Are Designer Clothes Worth the Money?

Designer clothes from luxury brands can have a high monetary cost. When the price for an individual shirt exceeds the $100 mark, it begs the question of what backs that value. This is a question that needs to be asked. Just because a high price tag is placed on an article of clothing doesn’t mean it necessarily merits that price.

Daniel Patrick holds no one to as high a standard as we hold ourselves. We’re going to do an honest, deep dive into the factors which drive the price of designer products. We are also going to explain what investing in designer clothes allows someone to get. 

Whether you adore designer clothes or are on the fence, we will definitively address the value of these luxury items.

What Makes Designer Clothes Expensive 

Designer clothes cost what people are willing to pay to obtain them. There are concrete design choices that increase their price for the elevation they have over their competitors.

Other choices merely increase the perceived value of a piece, in terms of the status or exclusivity of designer labels. Both of these heighten the “value” of pieces, but in highly different ways. 


One factor that influences the price of some, but not all, designer brands is the ethics involved in production. Ethical production means sustainability, with all workers along the supply chain being paid equitably for their work.

Many fast fashion brands outsource their manufacturing to countries that allow underpaid workers in an effort to cut costs. Some designer brands take advantage of lax labor laws to the detriment of communities around them. Asian and South American countries most often bear the brunt of this, with workers paid minuscule wages. 

It is fairly easy to tell when a company operates on an ethical level. Ethical designers will be open about the nature of their processes and will work in countries with strong labor laws. While this alone does not guarantee good quality clothing, it does hint that the designer holds themselves to a higher standard.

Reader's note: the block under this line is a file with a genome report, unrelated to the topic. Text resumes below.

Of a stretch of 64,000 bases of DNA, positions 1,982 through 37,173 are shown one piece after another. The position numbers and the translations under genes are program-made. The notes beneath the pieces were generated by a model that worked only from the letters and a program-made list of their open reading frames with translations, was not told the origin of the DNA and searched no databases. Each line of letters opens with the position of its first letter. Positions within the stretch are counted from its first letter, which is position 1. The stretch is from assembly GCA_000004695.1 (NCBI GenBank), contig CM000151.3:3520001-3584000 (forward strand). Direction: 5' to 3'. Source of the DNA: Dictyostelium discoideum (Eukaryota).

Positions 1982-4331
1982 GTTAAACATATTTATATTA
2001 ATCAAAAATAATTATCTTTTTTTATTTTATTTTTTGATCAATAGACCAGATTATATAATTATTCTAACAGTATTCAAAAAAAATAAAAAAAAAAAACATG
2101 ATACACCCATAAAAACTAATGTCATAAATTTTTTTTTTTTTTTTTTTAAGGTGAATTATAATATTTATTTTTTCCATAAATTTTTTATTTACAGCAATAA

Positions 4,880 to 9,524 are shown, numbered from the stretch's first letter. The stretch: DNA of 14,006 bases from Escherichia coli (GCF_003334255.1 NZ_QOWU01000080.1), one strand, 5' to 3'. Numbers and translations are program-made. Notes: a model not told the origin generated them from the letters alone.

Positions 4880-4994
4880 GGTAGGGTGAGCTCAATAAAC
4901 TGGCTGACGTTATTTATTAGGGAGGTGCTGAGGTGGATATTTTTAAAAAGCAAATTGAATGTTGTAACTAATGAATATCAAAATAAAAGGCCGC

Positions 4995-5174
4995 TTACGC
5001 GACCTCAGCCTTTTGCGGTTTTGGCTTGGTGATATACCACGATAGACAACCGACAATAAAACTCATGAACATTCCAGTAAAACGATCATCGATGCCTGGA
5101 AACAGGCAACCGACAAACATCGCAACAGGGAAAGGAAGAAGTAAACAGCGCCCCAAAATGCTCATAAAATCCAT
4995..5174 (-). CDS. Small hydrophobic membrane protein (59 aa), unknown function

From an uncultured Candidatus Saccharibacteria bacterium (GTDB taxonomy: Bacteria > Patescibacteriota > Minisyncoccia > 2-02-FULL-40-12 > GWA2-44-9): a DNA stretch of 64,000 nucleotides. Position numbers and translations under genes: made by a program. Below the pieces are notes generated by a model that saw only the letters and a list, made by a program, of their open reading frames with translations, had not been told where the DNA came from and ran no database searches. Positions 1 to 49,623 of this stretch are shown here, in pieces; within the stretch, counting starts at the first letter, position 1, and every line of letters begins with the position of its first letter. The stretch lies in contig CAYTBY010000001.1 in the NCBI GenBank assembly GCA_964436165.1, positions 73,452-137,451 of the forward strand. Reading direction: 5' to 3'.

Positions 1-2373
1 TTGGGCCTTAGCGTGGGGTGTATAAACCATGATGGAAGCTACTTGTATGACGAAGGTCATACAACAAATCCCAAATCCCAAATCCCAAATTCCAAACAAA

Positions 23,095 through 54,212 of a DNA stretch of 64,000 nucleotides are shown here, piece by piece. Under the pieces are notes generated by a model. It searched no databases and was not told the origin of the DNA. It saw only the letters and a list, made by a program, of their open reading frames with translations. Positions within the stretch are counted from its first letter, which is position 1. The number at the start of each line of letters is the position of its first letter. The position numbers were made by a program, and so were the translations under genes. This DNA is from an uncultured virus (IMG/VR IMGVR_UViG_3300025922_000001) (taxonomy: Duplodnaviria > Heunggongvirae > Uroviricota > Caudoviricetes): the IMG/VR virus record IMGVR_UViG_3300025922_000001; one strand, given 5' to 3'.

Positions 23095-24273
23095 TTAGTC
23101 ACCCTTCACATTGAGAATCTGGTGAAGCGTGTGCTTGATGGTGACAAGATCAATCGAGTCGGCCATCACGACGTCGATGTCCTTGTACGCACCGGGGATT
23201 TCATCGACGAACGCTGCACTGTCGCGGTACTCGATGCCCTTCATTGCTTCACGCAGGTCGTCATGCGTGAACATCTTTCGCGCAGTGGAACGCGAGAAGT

Daniel Patrick is open about our designs, which often take visual inspiration from the natural environments of Los Angeles. Nearly all our production is sourced in LA, with select items produced in Europe for its wealth of natural materials. Our line also includes some recycled fabric in a bid to reduce waste the fashion industry produces. 

For a garment to be produced sustainably, it must be equitable, profitable, and built to last. Equity means that everyone involved in the process is treated and paid fairly. Profitability means that the designer is able to sustain their efforts from the proceeds of a garment. Being built to last means that an article of clothing will outlast its competitors and remain usable for years to come.

Ethicality leads to higher costs for the designer and consumer. As the garments are meant to last longer fundamentally, one will not need to buy new clothes as often (which will keep unwanted clothes out of landfills).